Travelling by bicycle

2007: Laos
In 2004 I decided not cycling into the high mountains anymore. 3 Years later I cycled through the most mountainous region of Laos, the road always climbing to the next Mhon village on top of the mountain. Passing these villages I got nearly "high" from the smell of the weed. After one week I arrived in the former capital Luang Prabang. The ancient part of the town is lovely, surrounded by water, and a perfect place to relax a few days.The only road to China is sometimes so bad that I wonder if I'm still on the right track. In a guesthouse a few kilometers before the border I learn my first Chinese "hoyjoei" (or something like that), what means "cheers". I didn't know yet that during the next years I would say this many times.Crossing the border was unexpected easy, but soon afterwards I faced a muddy road, nearly impossible to cycle. But this was not because of the poverty as in Laos, but because the building of a new highway that has to connect China with the southern countries Laos, Thailand, Malaysia and finally Singapore.Again I had to climb hig into the mountains, but in China they are not as steep as in Thailand or Laos. One day I was witness of a deadly accident when a man drove his mini-truck right into the gorge. Every day it was raining, and the breaks of my bicycle were nearly finished. My last descend I had to break with my feeth on the asfalt, and it was at that moment that I decided to buy a new bicycle for my next travel. Jinghong was so delightful that I knew that next year I would continue my cycling into China.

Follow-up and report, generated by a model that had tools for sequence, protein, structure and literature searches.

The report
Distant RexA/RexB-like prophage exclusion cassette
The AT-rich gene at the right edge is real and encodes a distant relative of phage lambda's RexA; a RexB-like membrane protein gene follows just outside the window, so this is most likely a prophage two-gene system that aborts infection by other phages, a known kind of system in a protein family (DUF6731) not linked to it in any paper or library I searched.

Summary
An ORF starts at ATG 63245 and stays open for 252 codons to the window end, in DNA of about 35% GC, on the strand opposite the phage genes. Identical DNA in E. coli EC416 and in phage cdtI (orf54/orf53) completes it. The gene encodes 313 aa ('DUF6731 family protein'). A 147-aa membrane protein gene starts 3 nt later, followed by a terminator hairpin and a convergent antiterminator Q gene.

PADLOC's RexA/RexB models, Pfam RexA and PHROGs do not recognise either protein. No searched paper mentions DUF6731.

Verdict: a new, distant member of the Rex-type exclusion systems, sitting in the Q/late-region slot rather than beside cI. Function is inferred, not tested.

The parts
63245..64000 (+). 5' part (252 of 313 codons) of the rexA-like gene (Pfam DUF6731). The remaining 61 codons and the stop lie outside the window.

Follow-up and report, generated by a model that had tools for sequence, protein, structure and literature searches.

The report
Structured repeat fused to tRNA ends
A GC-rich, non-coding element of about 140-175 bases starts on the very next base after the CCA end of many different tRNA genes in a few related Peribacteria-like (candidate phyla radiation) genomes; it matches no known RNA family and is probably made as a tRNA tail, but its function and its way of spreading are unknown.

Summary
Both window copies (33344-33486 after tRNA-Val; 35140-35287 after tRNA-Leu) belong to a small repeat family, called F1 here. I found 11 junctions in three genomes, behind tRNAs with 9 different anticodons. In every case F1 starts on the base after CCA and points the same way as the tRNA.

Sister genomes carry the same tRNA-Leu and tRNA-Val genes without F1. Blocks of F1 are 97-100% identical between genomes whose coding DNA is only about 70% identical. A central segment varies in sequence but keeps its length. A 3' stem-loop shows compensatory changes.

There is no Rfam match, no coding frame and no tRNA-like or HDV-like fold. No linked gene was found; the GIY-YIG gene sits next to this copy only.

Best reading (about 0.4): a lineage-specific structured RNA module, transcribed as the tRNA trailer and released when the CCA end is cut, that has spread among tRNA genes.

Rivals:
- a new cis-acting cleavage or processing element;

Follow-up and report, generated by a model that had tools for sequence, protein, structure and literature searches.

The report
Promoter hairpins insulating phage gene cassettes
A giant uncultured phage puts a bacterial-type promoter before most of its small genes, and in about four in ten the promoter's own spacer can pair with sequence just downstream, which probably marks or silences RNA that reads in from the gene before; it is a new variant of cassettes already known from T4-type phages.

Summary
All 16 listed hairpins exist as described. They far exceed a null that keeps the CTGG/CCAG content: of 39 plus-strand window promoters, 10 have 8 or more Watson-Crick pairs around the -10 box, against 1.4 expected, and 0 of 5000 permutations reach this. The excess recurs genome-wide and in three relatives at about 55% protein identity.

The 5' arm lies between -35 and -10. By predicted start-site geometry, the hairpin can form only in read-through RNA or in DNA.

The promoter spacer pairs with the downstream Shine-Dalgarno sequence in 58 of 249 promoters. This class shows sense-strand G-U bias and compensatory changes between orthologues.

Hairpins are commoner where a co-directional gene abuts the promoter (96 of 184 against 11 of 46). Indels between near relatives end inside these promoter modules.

2007: Laos
In 2004 I decided not cycling into the high mountains anymore. 3 Years later I cycled through the most mountainous region of Laos, the road always climbing to the next Mhon village on top of the mountain. Passing these villages I got nearly "high" from the smell of the weed. After one week I arrived in the former capital Luang Prabang. The ancient part of the town is lovely, surrounded by water, and a perfect place to relax a few days.The only road to China is sometimes so bad that I wonder if I'm still on the right track. In a guesthouse a few kilometers before the border I learn my first Chinese "hoyjoei" (or something like that), what means "cheers". I didn't know yet that during the next years I would say this many times.Crossing the border was unexpected easy, but soon afterwards I faced a muddy road, nearly impossible to cycle. But this was not because of the poverty as in Laos, but because the building of a new highway that has to connect China with the southern countries Laos, Thailand, Malaysia and finally Singapore.Again I had to climb hig into the mountains, but in China they are not as steep as in Thailand or Laos. One day I was witness of a deadly accident when a man drove his mini-truck right into the gorge. Every day it was raining, and the breaks of my bicycle were nearly finished. My last descend I had to break with my feeth on the asfalt, and it was at that moment that I decided to buy a new bicycle for my next travel. Jinghong was so delightful that I knew that next year I would continue my cycling into China.
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